What are you doing the week before Memorial Day this year? I hope you’ll be joining me in the conference that I not only speak at, but co-produce (with my InDesignSecrets.com partner, David Blatner), the Print & ePublishing Conference. You may remember that we did our first one back in May of 2010, at the Adobe headquarters in Seattle, Washington. It was a ton of fun and a great success with over 200 people in attendance. The majority of attendees and InDesignSecrets.com members voted for Washington, DC, to be the next location for the conference, and we aim to please!
I have a love/hate relationship with PDF portfolios, the Acrobat 9 PDF format that turns a PDF into a handy ZIP container with a slick front end. I love the interface for customizing it, because it makes me feel like I'm a programmer. "Hmmm, the interface should present thumbnails of the enclosed files on the bottom that you can flick left and right; and a Flash movie should be on the "home" page, with a "Fall leaves" color theme. Or wait … let me arrange them in list order like the Finder."more >
According to San Francisco graphic designer W. Lynn Garrett, Saint Pixela, the patron saint of "Retouching and Comfy Chairs," spent her twilight years living in peaceful solitude near the Lake of Saint Vector.more >
I know what you're thinking, "Why would you ever want to overprint black in Photoshop? Isn't that an issue for page layout or illustration software?" Well, yes, but lots of designers — even the developers themselves — are blurring the lines between what you're supposed to do in which program.more >
With all this brouhaha (2 points for using "brouhaha") about CS2's new workflow management program, Adobe Bridge, and all the cool things it can do and if it's a good or bad thing that it's replaced Photoshop's File Browser and yadda yadda, I find it interesting that few people mention how Acrobat 7 Pro has been left out of the party, even though it's part of the Creative Suite 2 Premium package.more >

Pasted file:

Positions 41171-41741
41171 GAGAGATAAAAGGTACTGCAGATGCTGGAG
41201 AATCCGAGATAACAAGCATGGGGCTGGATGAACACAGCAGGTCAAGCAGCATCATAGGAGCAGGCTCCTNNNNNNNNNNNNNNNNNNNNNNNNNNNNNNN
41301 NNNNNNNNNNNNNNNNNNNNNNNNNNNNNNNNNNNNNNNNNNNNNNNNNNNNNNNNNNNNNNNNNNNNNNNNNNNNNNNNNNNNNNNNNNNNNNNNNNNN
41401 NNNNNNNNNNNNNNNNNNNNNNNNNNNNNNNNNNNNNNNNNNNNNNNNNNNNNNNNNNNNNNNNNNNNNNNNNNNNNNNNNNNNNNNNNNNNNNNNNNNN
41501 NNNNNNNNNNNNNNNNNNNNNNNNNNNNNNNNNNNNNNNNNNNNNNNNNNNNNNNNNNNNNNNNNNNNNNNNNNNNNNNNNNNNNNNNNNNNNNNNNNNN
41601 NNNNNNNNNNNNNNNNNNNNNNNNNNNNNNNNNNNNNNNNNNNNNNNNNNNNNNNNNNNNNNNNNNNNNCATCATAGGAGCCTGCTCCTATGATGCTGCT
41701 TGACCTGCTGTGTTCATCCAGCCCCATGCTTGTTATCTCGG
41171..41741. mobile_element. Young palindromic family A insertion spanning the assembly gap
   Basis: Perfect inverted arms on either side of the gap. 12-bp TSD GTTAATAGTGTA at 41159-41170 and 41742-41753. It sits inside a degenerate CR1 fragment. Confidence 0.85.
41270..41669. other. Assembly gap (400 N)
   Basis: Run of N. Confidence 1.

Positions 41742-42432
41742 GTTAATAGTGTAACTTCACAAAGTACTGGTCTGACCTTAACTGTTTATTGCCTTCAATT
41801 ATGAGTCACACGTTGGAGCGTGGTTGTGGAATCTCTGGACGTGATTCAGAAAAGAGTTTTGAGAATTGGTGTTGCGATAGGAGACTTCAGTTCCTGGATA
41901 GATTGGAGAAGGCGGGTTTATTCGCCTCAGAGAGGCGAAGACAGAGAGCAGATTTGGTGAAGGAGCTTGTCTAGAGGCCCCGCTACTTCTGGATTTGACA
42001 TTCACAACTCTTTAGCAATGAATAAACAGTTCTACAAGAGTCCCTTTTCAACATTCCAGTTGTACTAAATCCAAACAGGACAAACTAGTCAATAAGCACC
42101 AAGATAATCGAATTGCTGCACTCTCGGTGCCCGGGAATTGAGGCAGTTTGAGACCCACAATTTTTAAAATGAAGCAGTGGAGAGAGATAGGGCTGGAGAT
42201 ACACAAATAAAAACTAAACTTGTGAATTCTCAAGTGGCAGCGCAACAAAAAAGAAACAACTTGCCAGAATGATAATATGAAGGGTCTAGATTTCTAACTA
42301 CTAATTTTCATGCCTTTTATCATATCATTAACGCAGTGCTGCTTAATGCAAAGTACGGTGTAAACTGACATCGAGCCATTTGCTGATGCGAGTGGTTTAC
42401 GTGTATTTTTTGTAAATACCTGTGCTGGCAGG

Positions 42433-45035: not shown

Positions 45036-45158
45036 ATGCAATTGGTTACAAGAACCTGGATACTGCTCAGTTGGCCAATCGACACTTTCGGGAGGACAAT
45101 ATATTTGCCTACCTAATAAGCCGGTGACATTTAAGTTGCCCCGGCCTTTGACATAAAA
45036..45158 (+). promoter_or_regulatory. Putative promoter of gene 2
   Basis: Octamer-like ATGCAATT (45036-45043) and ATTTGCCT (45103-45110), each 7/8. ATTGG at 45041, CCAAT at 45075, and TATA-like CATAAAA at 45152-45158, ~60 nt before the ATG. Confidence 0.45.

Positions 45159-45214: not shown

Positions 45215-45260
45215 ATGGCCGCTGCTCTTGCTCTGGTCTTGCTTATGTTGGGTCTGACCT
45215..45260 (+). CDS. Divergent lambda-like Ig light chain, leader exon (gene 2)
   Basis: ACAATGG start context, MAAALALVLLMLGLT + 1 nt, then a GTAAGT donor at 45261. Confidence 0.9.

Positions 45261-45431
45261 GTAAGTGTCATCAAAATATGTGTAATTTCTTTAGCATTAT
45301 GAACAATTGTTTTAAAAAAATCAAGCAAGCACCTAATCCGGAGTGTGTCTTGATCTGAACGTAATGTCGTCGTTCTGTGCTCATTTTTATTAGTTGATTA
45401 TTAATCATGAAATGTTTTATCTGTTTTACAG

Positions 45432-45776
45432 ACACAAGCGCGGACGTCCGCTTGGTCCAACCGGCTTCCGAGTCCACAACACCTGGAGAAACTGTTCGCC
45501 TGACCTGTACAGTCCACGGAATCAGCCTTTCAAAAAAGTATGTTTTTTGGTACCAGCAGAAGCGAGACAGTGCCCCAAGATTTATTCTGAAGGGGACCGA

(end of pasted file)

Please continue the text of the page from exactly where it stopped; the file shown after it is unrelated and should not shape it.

Recent vintages of Acrobat Pro offer the ability to convert live web sites to multiple-page PDFs, but hardly any web designer I've worked with knows about it. In my studio, we've been using the feature for years to archive iterations of client's sites, and to have a convenient "web site on a CD" to carry around for reference.
You don't need to know a web server password or anything; if you can see it in your browser, you can capture it in a PDF. During the seminar I captured the first two levels of Apple's site and a few pages of eBay as well … cool!
With each new version of Acrobat, the feature gets better and better. It captures drop-down menus in forms, translates "includes" into page content, understands CSS, keeps links intact and can even grab GIF animations, Flash interfaces and Quicktime movies.more >
QuarkXPress 6.x users, have you noticed that its optional OPI XTension is installed and turned on by default? If you're trying to troubleshoot random, bizarre problems with your PDFs or printouts, this could be the culprit.
The OPI XT is only needed if you're a worker bee in an OPI workflow, the kind where you're using low-res images in your layouts (for speed's sake), while their high-res versions are automatically substituted when you output to print or PDF or do a Collect for Output . A big fat OPI image server and OPI software on your network runs the whole shebang. It's not really that common these days except for large publishers with lots of huge images.
When I'm helping new InDesign users understand exactly what "flattening transparency" means, I like to show them a concrete example. One way is to export the same simple InDesign file (containing a few overlapping transparent objects) to PDF twice: Once as an Acrobat 4-compatible (PDF 1.3) PDF, which flattens transparent objects, often splitting them up into "atomic regions;" and again as an Acrobat 5-compatible (PDF 1.4) PDF, which supports transparency and thus doesn't flatten.more >
A friend of mine, a meticulous designer (and a relative newbie to ID) e-mailed me two simple questions a few days ago: Does InDesign automatically trap, like Quark? And can you see those traps when you preview separations (in Window -> Output Preview -> Separations)?
The answer to the first question is yes. Sort of.